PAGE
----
On Thursday night, many SUVs block an access road to the rebel camp, in a scene reminiscent of a gangster film. Men holding weapons stand together in small groups, illuminated by headlights and taillights. A number of men are standing around a delicate-looking man with large eyes, a black piece of material wrapped around his head and a cast around his right arm — an injury from a previous battle.

Many of the fighters worship Ibrahim al-Madani, 26, because his father Mohammed was the first leader of the 1,000 Nafusa rebels. A portrait of both men hangs in most houses in the rebel villages.

‘We Want a Cosmopolitan Government’

The father died in a battle on May 7. He reportedly offered to pardon the government soldiers if they gave up, but then he died painfully at the hands of Gadhafi’s men.

His son, the new commander, says: “We want peace. We want a cosmopolitan government, and we must collect all weapons in the country. We trust our new leaders.”

Those new leaders arrive in the capital in a convoy of cars on Thursday morning. They are the men from the National Transitional Council, the ones who ran the rebel government in Benghazi for the last five months, the politicians of a new Libya.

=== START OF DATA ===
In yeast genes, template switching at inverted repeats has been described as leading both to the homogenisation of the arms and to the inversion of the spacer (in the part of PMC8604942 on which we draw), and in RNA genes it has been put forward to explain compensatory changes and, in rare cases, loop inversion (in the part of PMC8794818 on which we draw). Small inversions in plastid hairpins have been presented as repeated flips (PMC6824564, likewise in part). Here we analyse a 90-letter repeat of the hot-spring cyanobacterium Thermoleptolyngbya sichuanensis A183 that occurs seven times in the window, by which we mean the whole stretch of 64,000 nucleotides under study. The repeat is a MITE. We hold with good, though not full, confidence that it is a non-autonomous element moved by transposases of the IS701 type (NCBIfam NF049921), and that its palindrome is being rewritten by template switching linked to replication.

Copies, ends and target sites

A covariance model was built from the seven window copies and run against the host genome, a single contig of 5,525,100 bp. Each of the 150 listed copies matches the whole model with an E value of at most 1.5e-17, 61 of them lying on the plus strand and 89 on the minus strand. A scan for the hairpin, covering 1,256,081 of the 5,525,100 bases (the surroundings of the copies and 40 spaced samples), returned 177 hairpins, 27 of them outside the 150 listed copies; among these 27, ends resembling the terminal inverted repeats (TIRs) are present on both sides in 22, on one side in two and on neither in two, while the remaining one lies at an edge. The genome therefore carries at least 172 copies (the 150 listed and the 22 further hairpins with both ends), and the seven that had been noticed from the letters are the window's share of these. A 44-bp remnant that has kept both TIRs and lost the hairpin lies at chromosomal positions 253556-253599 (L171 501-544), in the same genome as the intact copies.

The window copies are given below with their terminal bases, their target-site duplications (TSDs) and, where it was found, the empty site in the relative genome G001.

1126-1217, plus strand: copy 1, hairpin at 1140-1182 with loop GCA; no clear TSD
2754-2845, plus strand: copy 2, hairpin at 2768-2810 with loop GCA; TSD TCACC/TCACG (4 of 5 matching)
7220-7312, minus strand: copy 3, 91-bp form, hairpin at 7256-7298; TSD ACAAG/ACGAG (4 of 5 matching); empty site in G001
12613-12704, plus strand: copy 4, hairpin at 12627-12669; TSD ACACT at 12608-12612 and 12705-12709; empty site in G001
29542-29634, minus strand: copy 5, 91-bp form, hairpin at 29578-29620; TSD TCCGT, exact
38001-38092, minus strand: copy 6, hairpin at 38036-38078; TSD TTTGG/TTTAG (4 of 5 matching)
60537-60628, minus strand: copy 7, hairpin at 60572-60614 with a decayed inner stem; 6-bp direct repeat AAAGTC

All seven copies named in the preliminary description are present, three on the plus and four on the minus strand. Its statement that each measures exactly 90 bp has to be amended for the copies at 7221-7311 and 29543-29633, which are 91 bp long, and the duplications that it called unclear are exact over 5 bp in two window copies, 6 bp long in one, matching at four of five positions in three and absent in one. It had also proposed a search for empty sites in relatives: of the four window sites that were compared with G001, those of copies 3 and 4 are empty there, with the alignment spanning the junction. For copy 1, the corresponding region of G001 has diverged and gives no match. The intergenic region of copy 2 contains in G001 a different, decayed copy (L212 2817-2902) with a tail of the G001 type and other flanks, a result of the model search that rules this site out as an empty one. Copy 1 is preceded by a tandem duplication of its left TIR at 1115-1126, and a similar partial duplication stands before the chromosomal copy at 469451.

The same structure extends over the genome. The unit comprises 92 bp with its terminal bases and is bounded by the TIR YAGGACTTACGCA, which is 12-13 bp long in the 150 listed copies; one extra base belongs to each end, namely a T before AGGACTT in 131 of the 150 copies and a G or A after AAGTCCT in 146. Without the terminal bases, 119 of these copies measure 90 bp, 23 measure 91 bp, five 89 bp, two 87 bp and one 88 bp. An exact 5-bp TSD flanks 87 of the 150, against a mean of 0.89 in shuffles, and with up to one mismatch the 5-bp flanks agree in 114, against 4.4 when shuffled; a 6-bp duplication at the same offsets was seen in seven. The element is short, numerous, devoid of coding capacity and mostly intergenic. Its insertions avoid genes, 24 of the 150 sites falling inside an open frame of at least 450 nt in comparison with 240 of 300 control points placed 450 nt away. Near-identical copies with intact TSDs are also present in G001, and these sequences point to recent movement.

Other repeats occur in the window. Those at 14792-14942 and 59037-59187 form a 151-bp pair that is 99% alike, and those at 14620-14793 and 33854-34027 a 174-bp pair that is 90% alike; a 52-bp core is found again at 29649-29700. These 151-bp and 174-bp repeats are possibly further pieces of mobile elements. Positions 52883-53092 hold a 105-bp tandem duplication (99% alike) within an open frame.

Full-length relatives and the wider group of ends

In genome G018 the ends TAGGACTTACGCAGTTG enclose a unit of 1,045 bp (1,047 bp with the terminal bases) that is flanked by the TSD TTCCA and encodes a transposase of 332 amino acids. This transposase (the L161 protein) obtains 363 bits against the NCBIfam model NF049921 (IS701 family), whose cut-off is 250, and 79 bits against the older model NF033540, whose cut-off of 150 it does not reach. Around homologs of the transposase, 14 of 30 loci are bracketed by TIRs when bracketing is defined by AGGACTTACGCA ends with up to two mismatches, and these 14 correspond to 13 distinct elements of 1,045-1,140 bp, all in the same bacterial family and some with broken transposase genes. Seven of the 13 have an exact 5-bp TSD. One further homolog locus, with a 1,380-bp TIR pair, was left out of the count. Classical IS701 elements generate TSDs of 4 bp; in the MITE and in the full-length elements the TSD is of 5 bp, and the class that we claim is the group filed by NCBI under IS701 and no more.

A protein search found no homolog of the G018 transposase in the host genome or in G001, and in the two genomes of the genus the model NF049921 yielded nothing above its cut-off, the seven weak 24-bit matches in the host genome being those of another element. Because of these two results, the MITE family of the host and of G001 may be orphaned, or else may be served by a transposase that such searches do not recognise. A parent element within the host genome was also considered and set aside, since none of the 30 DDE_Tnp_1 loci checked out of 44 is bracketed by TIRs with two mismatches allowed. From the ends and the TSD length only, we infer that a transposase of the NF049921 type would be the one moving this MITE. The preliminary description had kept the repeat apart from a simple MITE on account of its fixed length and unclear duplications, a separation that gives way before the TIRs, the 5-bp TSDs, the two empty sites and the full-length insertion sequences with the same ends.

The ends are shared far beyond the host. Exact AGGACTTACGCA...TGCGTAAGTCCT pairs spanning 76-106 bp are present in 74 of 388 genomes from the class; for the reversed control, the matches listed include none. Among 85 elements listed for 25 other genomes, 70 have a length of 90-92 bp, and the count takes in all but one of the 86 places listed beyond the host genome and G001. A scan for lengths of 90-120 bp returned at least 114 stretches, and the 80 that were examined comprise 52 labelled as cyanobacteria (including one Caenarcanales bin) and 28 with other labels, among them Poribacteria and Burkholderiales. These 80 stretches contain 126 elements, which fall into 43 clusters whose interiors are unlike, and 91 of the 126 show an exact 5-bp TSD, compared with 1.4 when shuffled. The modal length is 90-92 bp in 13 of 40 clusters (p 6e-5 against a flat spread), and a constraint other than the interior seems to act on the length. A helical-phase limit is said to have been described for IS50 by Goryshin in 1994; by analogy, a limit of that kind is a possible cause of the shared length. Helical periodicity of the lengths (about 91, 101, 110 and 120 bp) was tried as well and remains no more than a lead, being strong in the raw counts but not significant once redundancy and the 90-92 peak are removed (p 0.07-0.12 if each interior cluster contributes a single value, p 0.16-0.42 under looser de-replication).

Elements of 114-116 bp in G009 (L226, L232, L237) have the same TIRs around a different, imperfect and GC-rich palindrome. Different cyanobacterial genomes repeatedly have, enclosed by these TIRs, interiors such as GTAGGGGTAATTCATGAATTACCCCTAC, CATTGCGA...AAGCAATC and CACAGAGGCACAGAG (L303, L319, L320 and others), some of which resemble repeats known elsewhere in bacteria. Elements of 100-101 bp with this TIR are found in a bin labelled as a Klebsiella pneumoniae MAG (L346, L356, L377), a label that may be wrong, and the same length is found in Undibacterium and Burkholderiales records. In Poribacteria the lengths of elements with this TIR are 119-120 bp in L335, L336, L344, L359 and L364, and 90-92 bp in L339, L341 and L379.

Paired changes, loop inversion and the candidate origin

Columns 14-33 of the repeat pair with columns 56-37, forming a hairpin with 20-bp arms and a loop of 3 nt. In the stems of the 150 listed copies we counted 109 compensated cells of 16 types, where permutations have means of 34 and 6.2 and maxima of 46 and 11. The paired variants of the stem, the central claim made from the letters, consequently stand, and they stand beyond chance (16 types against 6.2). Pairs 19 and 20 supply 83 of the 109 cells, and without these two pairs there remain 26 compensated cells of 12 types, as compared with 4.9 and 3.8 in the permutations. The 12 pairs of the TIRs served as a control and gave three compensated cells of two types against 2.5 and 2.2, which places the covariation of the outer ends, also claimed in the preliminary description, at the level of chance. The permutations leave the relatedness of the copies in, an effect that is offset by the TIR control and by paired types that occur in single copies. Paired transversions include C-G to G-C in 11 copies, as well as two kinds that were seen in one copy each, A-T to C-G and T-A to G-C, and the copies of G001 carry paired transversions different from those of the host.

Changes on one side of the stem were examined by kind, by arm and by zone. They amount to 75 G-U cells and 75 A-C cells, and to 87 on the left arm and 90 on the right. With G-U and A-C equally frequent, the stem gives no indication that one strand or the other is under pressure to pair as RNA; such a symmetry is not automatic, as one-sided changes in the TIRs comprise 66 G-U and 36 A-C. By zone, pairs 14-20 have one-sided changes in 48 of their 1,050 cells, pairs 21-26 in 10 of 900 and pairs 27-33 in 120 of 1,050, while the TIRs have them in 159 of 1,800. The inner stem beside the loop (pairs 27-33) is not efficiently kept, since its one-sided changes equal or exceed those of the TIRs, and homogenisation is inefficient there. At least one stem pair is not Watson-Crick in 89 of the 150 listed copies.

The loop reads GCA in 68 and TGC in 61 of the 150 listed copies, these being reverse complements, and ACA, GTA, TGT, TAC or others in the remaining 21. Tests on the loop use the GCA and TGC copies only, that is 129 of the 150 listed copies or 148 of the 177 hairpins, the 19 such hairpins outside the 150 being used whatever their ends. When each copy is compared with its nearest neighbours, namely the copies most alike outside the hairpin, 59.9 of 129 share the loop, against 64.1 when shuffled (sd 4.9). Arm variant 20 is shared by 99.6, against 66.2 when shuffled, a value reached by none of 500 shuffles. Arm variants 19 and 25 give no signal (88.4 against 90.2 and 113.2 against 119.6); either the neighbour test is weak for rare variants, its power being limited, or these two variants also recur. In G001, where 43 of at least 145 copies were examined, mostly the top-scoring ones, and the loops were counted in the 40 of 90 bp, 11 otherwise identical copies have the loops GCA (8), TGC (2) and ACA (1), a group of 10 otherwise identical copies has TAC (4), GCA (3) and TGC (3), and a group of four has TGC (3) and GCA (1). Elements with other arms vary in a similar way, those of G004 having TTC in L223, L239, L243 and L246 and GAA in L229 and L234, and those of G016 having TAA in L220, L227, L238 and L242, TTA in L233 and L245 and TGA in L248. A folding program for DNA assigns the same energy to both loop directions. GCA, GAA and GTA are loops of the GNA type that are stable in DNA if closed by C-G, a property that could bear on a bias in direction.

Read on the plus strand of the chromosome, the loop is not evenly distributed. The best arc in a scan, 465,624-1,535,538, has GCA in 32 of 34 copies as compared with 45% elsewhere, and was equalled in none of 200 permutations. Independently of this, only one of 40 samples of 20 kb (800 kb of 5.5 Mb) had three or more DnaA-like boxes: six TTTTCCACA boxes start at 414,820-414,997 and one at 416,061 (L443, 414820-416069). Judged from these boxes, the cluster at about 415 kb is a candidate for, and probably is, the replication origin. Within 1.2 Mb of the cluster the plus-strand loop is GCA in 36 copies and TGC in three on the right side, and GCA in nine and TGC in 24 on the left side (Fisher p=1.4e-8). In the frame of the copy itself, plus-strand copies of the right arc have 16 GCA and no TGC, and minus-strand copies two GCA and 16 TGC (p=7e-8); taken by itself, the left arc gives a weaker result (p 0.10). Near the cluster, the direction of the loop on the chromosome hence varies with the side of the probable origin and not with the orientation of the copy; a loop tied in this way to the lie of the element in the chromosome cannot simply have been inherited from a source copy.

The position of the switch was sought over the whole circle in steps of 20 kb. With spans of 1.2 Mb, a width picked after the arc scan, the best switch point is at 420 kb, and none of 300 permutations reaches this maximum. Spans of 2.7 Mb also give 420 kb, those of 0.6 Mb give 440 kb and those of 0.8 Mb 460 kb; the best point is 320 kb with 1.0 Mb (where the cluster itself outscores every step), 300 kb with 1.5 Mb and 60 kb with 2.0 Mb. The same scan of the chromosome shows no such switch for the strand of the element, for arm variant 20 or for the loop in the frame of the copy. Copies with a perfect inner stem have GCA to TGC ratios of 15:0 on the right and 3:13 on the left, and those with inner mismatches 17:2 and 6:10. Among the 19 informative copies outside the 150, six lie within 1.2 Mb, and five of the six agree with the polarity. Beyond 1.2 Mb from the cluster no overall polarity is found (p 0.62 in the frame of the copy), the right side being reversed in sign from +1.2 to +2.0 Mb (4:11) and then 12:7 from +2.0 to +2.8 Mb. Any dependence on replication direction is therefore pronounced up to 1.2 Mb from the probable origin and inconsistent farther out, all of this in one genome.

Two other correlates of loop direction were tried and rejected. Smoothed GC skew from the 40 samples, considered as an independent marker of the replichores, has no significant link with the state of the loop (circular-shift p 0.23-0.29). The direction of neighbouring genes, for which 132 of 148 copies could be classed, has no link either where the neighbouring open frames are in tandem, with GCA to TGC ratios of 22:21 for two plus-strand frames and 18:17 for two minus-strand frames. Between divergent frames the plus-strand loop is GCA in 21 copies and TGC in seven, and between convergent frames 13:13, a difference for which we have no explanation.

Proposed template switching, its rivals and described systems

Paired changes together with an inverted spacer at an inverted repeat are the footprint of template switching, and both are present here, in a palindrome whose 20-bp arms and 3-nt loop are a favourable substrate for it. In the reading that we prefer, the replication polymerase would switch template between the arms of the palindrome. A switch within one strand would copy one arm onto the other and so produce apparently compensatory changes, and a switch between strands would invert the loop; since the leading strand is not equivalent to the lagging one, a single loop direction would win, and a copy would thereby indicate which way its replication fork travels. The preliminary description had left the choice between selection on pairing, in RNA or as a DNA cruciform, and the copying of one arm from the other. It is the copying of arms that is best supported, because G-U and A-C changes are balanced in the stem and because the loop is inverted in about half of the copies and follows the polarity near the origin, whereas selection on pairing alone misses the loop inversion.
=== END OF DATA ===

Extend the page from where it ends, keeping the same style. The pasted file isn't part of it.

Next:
It was originally human rights attorneys who had started the first protest in Libya’s second-largest city. Then politicians began defecting from the Gadhafi government and joined the rebels, men like former Justice Minister Mustafa Abdul Jalil, who then managed to cleverly incorporate the influential leaders and elders from Libyan tribes into the rebel movement.

Now they are all promising their supporters in the West that they intend to develop a democracy, and they are discussing the possibility of free and fair elections in eight months. They are also imploring their fellow rebels to refrain from acts of revenge. They even want to integrate Gadhafi loyalists into the new power structures, at least those with no blood on their hands. “We are learning from the experiences that were made in Iraq and after the collapse of the Soviet Union,” says Fatih Baja, the chief of planning for the National Transitional Council.

But the murder of a former Gadhafi general, Abdul Fattah Younes, who had become one of the top rebel commanders, has set an ominous precedent. The murder was apparently committed by fighters from Younes’s own ranks, possibly with the knowledge of their leaders. Could Libya face an intertribal conflict, after all? What burdens will the new Libya face?
The rebels are still celebrating their victory on Gadhafi’s Green Square, the center of Tripoli and the center of the country.

After half a year of armed resistance, the men ought to be familiar with their weapons, but many still strike a macho pose, holding their machine guns with only one hand. When they fire the guns, the recoil pushes the muzzles back. One of the men fires the last bullets in his magazine into one of the palm trees on the square. A palm frond slowly floats down to the street, and then cars drive over it.

Translated from the German by Christopher Sultan